The UX community has a long acquaintance with the pile-sort method of user research. In this article, we’ll revisit the origin of the pile-sort method in anthropology and provide an account of how we used this method to understand user task flows. We’ll also introduce an extension to the pile-sort method that helped us to collect user data more effectively while working in an agile software-development environment. Finally, we’ll discuss the analytical method that we used to process our study results: factor analysis. Read moreRead More>

By Baruch Sachs

Published: November 17, 2014

“If you’re not able to analyze and focus on the right patterns, you’ll end up buried. If you focus on catching every little crisis before it touches the ground and festers, you’ll constantly be putting out fires. Neither of these outcomes is a good place to be….”

Autumn is a great time to be a New Englander. While autumnal beauty happens all over the world, New England is the place to be in the United States. Sitting on my back deck and looking at the forest behind my house is one of my favorite ways to get inspired. One day, as I was watching the leaves swirl and fall, I started thinking about user experience and consulting. Weird, I know, but as each leaf fell, I realized that, while each leaf seems small, enough of them will eventually cover the entire ground. If you rake too early, you will have to repeat the process multiple times. If you wait until every single leaf is off a tree, your job becomes that much harder. With leaves, this is a game every New Englander plays. When should you pay attention to them? Read moreRead More>

By Janet M. Six

Published: November 17, 2014

Send your questions to Ask UXmatters and get answers from some of the top professionals in UX.

In this edition of Ask UXmatters, our expert panel looks at the importance of considering the fundamental principles of great design—not just UX design principles, but design principles in general. Our panel also discusses how great UX design takes place within organizations, looking at this topic on many different levels. How can you create great designs when working with a variety of designers with different backgrounds and while working within the constraints of project-defined goals? How can the presence of User Experience at the C-level and, in general, garnering support from the C-level affect our ability to implement great designs. How can we produce great designs in a repeatable manner? Keep reading for the answers to all of these important questions. Read moreRead More>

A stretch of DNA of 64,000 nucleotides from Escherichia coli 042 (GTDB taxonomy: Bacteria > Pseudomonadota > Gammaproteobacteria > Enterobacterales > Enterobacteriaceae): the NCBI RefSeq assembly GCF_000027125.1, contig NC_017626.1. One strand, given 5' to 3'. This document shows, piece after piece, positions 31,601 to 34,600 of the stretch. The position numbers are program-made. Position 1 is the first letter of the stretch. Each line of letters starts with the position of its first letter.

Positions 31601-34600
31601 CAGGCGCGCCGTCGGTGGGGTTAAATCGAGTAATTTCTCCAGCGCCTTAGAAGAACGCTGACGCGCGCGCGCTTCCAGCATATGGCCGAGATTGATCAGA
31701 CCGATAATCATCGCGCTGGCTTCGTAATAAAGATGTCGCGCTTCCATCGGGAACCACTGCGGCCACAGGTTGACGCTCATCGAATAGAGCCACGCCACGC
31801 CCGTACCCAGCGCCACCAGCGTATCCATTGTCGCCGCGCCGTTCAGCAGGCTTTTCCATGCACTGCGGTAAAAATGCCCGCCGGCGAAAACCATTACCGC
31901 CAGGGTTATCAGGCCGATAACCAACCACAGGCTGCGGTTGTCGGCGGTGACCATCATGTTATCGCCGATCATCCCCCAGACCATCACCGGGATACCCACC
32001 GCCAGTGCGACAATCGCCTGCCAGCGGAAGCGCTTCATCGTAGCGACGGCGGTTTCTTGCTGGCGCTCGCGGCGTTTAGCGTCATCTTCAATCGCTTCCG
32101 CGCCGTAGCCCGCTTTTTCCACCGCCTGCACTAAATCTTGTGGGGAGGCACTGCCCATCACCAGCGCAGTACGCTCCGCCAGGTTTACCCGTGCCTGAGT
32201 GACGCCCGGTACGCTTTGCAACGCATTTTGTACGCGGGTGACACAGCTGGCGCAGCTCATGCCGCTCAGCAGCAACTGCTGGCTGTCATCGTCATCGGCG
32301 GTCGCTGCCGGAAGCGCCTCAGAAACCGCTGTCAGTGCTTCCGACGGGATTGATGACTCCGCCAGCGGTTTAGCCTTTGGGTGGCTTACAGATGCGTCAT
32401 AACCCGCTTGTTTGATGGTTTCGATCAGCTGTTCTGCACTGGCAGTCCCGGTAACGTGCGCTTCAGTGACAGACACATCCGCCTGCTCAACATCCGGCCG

By Traci Lepore

Published: November 17, 2014

“He who knows others is wise; he who knows himself is enlightened.”—Lao Tzu

“The most successful UX professionals aren’t just good at the basic skills that their profession requires. They are well-rounded, self-aware, empathetic, problem-solving beings. Mastery of these soft skills sets a person apart….”

My background is in graphic design, and I’m an artist by nature. I learned the basics of user experience on the ground, in the early days. While those experiences gave me the fundamental skills that I needed to do my work, they didn’t make me the empathetic and insightful designer I am today. I firmly believe that it is my training in acting and theater that has given me the ability to be, not just a good UX designer, but also a successful one.

What Theater Has Taught MeĀ 

The most successful UX professionals aren’t just good at the basic skills that their profession requires. They are well-rounded, self-aware, empathetic, problem-solving beings. Mastery of these soft skills sets a person apart and makes the difference between being employable and being exceptional. Read moreRead More>

By Alan Cooper, Robert Reimann, David Cronin, and Christopher Noessel

Published: November 17, 2014

This is a sample chapter from the 4th Edition of About Face: The Essentials of Interaction Design, by Alan Cooper, Robert Reimann, David Cronin, and Christopher Noessel.

Chapter 6: Creative Teamwork

“In design and business, teams are common, but rarely are they successful or productive.”

In the Introduction to this book, we described the Goal-Directed method as consisting of three p’s: principles, patterns, and processes. However, there’s a fourth p worth mentioning—practices. This book mostly concerns itself with the first three, but in this chapter we’d like to share a few thoughts about the practice of Goal-Directed design and how design teams integrate into the larger product team. Read moreRead More>

By Jacqueline Kyo Thomas

Published: November 17, 2014

“While parallax scrolling can be visually stunning and make a great first impression, it is also unexpectedly user hostile.”

Parallax scrolling is a popular Web design trend, but is it worthy of all the positive attention that it’s getting? While parallax scrolling can be visually stunning and make a great first impression, it is also unexpectedly user hostile. And the metrics for the most popular WordPress themes on Template Monster indicate that parallax scrolling isn’t as popular as one might expect. Let’s take a serious look at the pros and cons of parallax scrolling. Read moreRead More>